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Image: Former President Donald Trump and Charles Herbster.
Former President Donald Trump and Charles Herbster.Charles W. Herbster via Facebook

Tuesday’s Campaign Round-Up, 4.19.22

Today’s installment of campaign-related news items from across the country.


Today’s installment of campaign-related news items from across the country.

* In Nebraska, Republican Gov. Pete Ricketts was asked yesterday about Charles Herbster, the frontrunner in the GOP race to replace him, who’s been accused of groping eight women. Ricketts, who is term-limited and can’t run again, told reporters, “I think he needs to apologize to the women, then I think he should seek help, then he should step out of the race.”

* On a related note, Donald Trump’s political operation announced this morning that the former president will hold a rally in Nebraska on April 29. Despite the seriousness of the accusations against him, Herbster will apparently be a special guest speaker at Trump’s event.

* In 2016, J.D. Vance expressed concern in a private message to an old law school classmate that Donald Trump might be “America’s Hitler.” Late last week, the Republican Senate hopeful in Ohio welcomed the former president’s endorsement.

* A federal judge in Georgia yesterday agreed to allow a lawsuit challenging Rep. Marjorie Taylor Greene’s qualifications to run for re-election to proceed. Free Speech for People, a political reform organization, filed the litigation last month, alleging the right-wing congresswoman helped facilitate the Jan. 6 attack, and is therefore ineligible.

* The Senate Leadership Fund, a super PAC aligned with Senate Minority Leader Mitch McConnell, is buying $141 million worth of advertising airtime in the fall, investing in seven states. Of particular interest: the SLF is putting millions of dollars into Alaska to help protect incumbent Sen. Lisa Murkowski — not from a Democratic opponent, but rather, from a Trump-backed Republican challenger.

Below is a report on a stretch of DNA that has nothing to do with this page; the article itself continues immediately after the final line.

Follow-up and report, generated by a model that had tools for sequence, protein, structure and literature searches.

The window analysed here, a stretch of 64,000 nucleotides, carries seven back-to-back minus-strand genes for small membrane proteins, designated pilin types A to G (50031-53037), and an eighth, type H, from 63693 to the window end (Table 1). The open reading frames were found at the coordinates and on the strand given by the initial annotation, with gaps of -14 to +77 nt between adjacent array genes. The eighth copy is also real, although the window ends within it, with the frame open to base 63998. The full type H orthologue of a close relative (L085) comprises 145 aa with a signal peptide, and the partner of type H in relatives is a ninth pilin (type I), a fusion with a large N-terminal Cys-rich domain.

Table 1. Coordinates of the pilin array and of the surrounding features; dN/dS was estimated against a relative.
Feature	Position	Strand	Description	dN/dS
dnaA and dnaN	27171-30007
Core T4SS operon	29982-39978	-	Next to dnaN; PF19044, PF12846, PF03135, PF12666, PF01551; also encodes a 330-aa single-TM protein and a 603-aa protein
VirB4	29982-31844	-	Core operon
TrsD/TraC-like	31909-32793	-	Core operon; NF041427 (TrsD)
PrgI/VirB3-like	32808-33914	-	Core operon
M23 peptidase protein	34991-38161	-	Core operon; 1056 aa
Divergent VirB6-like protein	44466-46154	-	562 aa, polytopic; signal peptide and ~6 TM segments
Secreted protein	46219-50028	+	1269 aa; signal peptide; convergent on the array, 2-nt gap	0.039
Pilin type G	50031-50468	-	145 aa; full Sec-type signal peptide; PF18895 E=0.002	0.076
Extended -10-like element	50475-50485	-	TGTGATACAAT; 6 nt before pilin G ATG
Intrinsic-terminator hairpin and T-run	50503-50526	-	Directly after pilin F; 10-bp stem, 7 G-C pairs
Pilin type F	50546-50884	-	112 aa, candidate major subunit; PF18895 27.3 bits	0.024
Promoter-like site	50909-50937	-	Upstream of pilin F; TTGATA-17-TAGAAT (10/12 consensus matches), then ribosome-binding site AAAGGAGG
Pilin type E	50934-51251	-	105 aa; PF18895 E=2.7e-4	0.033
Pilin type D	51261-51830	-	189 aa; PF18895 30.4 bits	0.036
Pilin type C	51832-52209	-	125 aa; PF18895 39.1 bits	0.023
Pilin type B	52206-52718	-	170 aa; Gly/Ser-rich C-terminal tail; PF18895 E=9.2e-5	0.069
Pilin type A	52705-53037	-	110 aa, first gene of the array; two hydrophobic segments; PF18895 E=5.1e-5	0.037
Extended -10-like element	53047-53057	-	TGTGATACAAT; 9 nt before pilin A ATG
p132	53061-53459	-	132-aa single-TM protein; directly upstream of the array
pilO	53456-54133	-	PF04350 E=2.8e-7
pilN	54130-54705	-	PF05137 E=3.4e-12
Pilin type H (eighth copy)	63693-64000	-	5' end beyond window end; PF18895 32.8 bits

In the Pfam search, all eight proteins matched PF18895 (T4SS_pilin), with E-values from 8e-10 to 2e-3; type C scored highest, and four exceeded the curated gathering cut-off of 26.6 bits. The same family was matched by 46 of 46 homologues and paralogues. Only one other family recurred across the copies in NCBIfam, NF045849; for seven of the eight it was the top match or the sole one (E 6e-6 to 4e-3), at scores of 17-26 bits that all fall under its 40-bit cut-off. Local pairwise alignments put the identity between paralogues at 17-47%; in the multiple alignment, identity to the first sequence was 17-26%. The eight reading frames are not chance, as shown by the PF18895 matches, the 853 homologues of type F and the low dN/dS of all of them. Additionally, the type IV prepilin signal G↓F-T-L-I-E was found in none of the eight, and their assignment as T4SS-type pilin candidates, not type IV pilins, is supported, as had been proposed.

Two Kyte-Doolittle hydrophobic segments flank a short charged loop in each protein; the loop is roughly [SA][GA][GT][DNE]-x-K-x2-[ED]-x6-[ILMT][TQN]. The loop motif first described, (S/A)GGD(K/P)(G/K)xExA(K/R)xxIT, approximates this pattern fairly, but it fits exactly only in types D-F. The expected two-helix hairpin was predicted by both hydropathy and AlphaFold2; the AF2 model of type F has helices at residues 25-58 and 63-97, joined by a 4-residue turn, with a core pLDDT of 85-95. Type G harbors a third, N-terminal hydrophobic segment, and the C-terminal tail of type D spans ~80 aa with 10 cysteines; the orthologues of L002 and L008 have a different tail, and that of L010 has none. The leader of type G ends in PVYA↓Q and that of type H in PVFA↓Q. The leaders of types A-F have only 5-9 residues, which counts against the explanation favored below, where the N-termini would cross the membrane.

* According to an Axios report, Run for Something, which recruits young, progressive candidates who want to run for elected office, is launching a plan “to recruit more than 5,000 candidates for local offices in charge of election administration.” The report added, “The group hopes to raise $80 million over the next three years and recruit candidates in 35 states — where election administrators are elected by voters — who will run to become county election board members, county clerks and other election-related positions.”

* And CNBC reported that conservative Democratic Sen. Joe Manchin headlined a fundraiser in Florida last month at the sprawling estate of Wall Street billionaire Nelson Peltz. The West Virginian reportedly told attendees he plans to run for re-election in 2024, while publicly, he’s made no commitments about his future electoral plans.